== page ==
In my quest for wellness, one of the most surprising things I have learned is that stress can have a profound negative impact on your health. In this post, I share several strategies for reducing that negative impact, but today I wanted to expand on one of the more controversial recommendations.
In nearly every article or book about stress management, meditation is included as a way to reduce stress. However, meditation tends to induce very negative feelings in many people, particularly Christians. I have seen many comments from the Christian community mocking meditation as being silly, or even outright stating that it is mystical and evil. Christianity today calls it “dangerous.”
I avoided considering meditation for many years due to this wariness. After all, meditation is a wicked, dangerous, new age thing, right?
Finally, I decided that instead of listening to popular opinion, I should probably look into it more deeply myself. Because before we say that Christians shouldn’t practice meditation, shouldn’t we know exactly what it is we’re speaking against?
Psychology Today defines it this way: “Meditation is the practice of turning your attention to a single point of reference.”
Hmmm. When you put it that way, it sounds quite harmless. In fact, as I read that definition and others, it all sounded very similar to something else…one of my favorite Bible verses:
You will keep in perfect peace whose mind is stayed on You because he trusts you. -Isaiah 26:3
“whose mind is stayed on you…” doesn’t that sound a whole lot like having your attention focused on a single point of reference? And, the Bible tells us this is how we gain peace, which is usually one of the purported goals of meditation.
Psychology today gives us 20 science-based ways in which meditation is good for us…isn’t it awesome when science proves the very things that the Lord has already commanded us?
Taking back meditation.
The danger isn’t in meditation, it’s in what you choose to meditate on.
Instead of looking at meditation as being a negative thing, I propose that we instead take it back to its roots.
As Robert J. Morgan says, “meditation is not new and it is not new age. God, not the gurus, devised it, and it’s based on the Bible, not on Buddha.”
So many good things that the Lord created have been perverted by man’s sinfulness, and meditation is just another thing on that list. Yes, when most experts mention meditation, they are taking the Lord out of it. They are generally speaking of focusing on something worldly, or even a false religion.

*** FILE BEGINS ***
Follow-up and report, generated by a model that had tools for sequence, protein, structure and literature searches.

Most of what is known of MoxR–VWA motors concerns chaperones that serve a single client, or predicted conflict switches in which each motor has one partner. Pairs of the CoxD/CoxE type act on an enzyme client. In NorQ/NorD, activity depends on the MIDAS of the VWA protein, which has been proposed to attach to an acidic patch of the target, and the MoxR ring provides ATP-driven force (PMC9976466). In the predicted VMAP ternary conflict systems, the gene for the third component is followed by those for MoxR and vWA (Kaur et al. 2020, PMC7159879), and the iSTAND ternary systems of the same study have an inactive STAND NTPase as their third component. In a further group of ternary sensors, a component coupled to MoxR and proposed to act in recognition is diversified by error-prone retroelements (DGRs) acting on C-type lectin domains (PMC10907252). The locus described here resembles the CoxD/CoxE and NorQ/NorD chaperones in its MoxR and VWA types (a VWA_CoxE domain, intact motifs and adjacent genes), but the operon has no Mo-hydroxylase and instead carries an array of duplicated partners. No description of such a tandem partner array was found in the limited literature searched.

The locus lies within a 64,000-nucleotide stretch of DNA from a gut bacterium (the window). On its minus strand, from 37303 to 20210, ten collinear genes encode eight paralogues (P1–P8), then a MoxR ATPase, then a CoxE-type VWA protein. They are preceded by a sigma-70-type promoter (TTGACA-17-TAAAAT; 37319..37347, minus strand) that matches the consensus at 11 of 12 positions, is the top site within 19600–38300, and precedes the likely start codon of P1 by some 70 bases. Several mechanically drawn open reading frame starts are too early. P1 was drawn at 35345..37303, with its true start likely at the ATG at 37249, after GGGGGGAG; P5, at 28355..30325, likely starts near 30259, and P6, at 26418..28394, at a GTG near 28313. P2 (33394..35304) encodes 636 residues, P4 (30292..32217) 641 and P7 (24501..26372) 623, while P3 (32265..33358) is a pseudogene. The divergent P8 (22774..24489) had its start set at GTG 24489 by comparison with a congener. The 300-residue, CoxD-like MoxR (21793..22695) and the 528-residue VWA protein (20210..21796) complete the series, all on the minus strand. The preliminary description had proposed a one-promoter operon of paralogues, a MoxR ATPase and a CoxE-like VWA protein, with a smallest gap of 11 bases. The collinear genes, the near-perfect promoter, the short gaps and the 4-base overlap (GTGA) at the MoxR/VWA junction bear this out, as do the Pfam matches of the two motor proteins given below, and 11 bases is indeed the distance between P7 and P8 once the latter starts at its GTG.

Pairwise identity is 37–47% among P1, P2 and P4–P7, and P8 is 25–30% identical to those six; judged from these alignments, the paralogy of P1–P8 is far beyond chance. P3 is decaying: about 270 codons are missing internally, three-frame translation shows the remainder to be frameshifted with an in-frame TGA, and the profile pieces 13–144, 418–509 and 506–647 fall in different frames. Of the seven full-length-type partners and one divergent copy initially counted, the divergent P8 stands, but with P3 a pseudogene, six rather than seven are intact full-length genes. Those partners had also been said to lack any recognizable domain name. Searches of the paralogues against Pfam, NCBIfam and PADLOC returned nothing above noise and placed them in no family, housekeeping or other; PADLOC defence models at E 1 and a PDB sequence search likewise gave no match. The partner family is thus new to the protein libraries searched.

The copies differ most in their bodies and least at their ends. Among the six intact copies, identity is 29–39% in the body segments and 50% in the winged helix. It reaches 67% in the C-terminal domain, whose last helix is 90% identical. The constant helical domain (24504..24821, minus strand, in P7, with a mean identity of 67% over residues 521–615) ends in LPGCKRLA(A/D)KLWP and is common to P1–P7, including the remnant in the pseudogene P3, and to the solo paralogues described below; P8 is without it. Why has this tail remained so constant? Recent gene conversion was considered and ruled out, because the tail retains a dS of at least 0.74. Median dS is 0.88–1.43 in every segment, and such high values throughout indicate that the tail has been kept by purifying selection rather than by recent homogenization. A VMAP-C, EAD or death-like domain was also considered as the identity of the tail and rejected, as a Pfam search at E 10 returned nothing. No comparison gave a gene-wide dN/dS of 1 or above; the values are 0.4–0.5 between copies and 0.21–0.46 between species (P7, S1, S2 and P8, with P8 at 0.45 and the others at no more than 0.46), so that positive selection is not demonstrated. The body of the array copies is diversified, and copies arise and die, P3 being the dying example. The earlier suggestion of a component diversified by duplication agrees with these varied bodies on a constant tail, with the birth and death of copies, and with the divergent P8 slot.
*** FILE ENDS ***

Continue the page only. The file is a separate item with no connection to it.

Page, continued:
It doesn’t have to be that way, and I vote we take it back.
There is no exercise more out of fashion, nowadays, than meditation! Reading is the gathering together of our food, but meditation is the chewing of the cud, the digesting, and the assimilating of the truth of God! I quarry out the truth when I read, but I smelt the ore and get the pure gold out of it when I meditate!
Meditate on the Lord and His word.
What does the Bible say about meditation?
Colossians 3:2 says this, “set your mind on things above, not on earthly things.”
What wisdom! Modern, new-age meditation focuses on earthly things. God’s word calls us to set our mind on things above. How do we set our mind on something? Through meditating on it.
In fact, I was shocked by just how much the Bible has to say about meditation! God’s word calls us specifically to meditate on certain things, both by using the word specifically and/or by referring to the concept of it.
Here are just a few examples of what the Bible calls us to meditate upon:
- God (Isaiah 26:3)
- God’s word (Psalm 1:2, Joshua 1:8, Psalm 119:148)
- God’s works (Psalm 145:5)
- Things that are true, noble, just, pure, lovely, of good report, of virtue, praiseworthy (Phil 4:8)
Give it a try!
So, listen to the experts and add meditation into your daily practices. But don’t focus on earthly things. Focus on things above.
I will leave you with this final verse:
“I will meditate on the glorious splendor of Your majesty, And on Your wondrous works.” -Psalm 145:4
Friends, how different our lives and perspectives would be if we truly spent time each day meditating upon the Lord and the glorious splendor of His majesty!
Related Articles & Resources
- Charles Spurgeon, How to Read the Bible.
- Reclaiming the Lost Art of Biblical Meditation by Robert J. Morgan